Changes in disability laws
When the Individuals with Disabilities Education Act (IDEA) was reauthorized in 1991, ADHD was for the first time included specifically as a type of disability that gained patients special accommodations. At nearly the same time, Medicaid reimbursements began to include ADHD. Rates of ADHD diagnosis throughout the U.S. rose rapidly through the 1990s, presumably in part because of these legal and policy changes. Apparently, as parents and physicians learned that the ADHD label allowed more mandated services, pressures to apply that diagnosis increased.
Unintended consequences of No Child Left Behind policies
One of the more interesting sources of inflated ADHD rates is related to a series of policies designed to improve test scores and graduation rates in U.S. schools. We were led to this research by another striking ADHD prevalence finding that emerged from the NSCH. Although the main observation has been an inexorable rise in national ADHD prevalence rates, the NSCH also uncovered a huge state-by-state variation in diagnosed prevalence. The highest rates are in the South and Midwest; the lowest are in the West. Significant variations in disease rates in different states provide a “natural experiment” in the attempt to isolate factors that might lead to artificially inflated (or deflated) rates of diagnosis.
Our research method was to study in detail two highly contrasting states: North Carolina, which had a 2007 ADHD prevalence of 15.5% (and a medication rate of 74.4% of those diagnosed), vs. California, with a prevalence of only 6% (medication rate of 49%).
What explains this large difference? A small part relates to racial and ethnic diversity. For example, 49% of the CDC’s California sample was Hispanic, vs. only 9% of the North Carolina sample. Other research has shown that Hispanics are less likely to be diagnosed with ADHD than other ethnicities—so a state with a relatively large population of Hispanics might have a lower ADHD prevalence in part due to ethnic variation. However, when we statistically controlled for differences in ethnic composition, there was still a far greater prevalence in North Carolina.
The more important difference between the two states, by far, turns out to relate to school improvement initiatives such as the No Child Left Behind Act (NCLB). Such policies differ in specifics, but their common feature is their provision of financial incentives for schools to improve student performance (usually measured by test scores), as well as financial sanctions for schools that do poorly.
How might such policies lead to inflated rates of ADHD? There are at least two mechanisms. First, in some regions, the test scores of children with ADHD were not included in the test score averages that schools must report to their state. Thus, if low-scoring students can get an ADHD diagnosis, a school enriches its pool of test-taking students with high scorers—leading potentially to rewards to the school for performance improvement. Second, even in school districts that do count test scores of ADHD students, there is still an incentive to encourage diagnosis. Recall that the 1991 IDEA law enabled kids with ADHD to be eligible for special educational accommodations, such as more time for test-taking. If such accommodations help to improve test scores, then schools would have a strong incentive to ensure that ADHD diagnoses are not missed.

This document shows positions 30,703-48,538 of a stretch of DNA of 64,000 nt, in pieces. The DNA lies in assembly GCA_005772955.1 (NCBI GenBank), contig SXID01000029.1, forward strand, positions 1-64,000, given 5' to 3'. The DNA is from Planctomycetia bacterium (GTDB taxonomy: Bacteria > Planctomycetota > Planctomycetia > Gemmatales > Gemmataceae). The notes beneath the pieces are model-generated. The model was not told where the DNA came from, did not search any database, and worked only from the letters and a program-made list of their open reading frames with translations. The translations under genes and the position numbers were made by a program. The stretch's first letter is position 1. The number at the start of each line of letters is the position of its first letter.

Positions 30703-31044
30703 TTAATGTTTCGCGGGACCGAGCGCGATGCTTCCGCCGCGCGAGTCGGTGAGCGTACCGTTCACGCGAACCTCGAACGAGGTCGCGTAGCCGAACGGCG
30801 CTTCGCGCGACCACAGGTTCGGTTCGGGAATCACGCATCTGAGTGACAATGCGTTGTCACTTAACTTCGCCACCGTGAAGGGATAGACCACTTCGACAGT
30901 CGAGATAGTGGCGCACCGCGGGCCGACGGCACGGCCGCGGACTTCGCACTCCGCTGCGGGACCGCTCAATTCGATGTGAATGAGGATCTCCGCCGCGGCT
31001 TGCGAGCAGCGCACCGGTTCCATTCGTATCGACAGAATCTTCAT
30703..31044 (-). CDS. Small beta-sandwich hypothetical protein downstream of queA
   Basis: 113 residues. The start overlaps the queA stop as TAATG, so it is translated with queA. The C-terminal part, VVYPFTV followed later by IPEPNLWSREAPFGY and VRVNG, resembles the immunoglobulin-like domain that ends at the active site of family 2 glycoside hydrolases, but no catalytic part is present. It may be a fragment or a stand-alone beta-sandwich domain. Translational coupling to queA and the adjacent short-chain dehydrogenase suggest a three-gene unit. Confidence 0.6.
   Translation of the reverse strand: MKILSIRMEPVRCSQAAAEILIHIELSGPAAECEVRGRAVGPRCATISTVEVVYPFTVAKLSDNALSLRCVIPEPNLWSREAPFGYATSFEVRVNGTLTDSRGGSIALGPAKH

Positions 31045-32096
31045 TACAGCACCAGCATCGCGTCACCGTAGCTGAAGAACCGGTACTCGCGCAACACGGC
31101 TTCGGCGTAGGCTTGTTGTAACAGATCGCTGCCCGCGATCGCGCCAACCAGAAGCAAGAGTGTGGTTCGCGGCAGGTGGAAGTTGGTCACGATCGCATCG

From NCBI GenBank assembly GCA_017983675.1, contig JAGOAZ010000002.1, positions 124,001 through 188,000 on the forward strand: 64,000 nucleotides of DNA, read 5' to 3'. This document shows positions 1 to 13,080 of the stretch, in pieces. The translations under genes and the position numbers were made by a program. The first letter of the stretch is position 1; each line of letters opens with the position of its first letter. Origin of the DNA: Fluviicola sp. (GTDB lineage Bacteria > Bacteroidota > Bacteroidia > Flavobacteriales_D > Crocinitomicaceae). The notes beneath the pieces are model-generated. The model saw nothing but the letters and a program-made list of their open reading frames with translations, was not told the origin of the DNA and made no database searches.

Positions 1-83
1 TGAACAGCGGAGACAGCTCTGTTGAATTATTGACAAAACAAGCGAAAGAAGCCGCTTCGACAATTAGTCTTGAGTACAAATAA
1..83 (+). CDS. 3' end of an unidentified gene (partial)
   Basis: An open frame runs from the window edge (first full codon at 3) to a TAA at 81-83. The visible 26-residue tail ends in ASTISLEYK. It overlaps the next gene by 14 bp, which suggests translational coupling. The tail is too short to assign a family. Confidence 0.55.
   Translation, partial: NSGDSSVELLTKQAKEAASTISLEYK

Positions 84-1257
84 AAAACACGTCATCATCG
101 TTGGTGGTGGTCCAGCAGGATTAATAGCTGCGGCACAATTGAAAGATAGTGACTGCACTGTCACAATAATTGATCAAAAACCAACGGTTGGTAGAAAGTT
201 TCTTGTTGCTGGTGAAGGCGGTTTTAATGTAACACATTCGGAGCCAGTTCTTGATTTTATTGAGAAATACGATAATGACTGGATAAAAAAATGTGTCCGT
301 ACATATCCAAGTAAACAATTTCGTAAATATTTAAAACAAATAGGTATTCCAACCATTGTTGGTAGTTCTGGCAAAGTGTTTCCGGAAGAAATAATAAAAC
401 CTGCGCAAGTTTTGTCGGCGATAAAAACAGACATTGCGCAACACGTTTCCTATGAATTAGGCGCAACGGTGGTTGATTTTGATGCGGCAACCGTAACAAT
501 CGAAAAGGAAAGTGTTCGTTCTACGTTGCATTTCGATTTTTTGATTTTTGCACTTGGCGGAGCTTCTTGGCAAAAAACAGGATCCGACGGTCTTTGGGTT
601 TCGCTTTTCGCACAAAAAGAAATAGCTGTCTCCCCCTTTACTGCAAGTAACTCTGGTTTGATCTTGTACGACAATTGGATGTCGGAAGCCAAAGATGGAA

To see whether NCLB policies had the unintended effect of increasing ADHD diagnoses, we compared prevalence rates before and after NCLB was implemented. We found that, as predicted, NCLB had a profound effect on rates of ADHD—but only for youth near or below the federal poverty level (the law targets Title I schools with many low-income students). From 2003 (when NCLB was implemented) to 2007, rates of ADHD for impoverished youth increased from 10% to 15.3% in those states where NCLB was new—an increase of over 50%. In states that already had implemented their own versions of NCLB before 2003, however, there was no corresponding increase in ADHD rates, which makes sense, because the diagnosis inflation effect of the policy would have already occurred in such states (for more detail, see Fulton BF et al, Psychiatric Services 2015;66(10):1074–1082).
In our book, we discuss other factors that may contribute to inflated ADHD rates, but are less easy to quantify. One of these is the increasing aggressiveness of pharmaceutical marketing practices, including direct-to-consumer advertising and industry-funded direct promotion to doctors. Another potential factor is that clinicians do not always follow gold-standard guidelines for careful diagnostic evaluations, which, although time-consuming, can often find that apparent ADHD symptoms are actually caused by other problems, such as poor family environments or comorbid conditions. Finally, ADHD is often diagnosed by busy primary care physicians who may not have the time or the expertise to delve into the nuances of diagnosis.
In sum, while ADHD is a legitimate and disabling condition for many people, a number of social, political, and economic factors have combined to artificially inflate its reported prevalence in the U.S. The unfortunate consequence is that, at least in some quarters, ADHD has acquired a reputation of being a trivial and possibly manufactured disorder—potentially fueling its stigmatization. Being more cautious in our policy decisions and in our diagnostic practices will help to improve the public’s confidence in our field.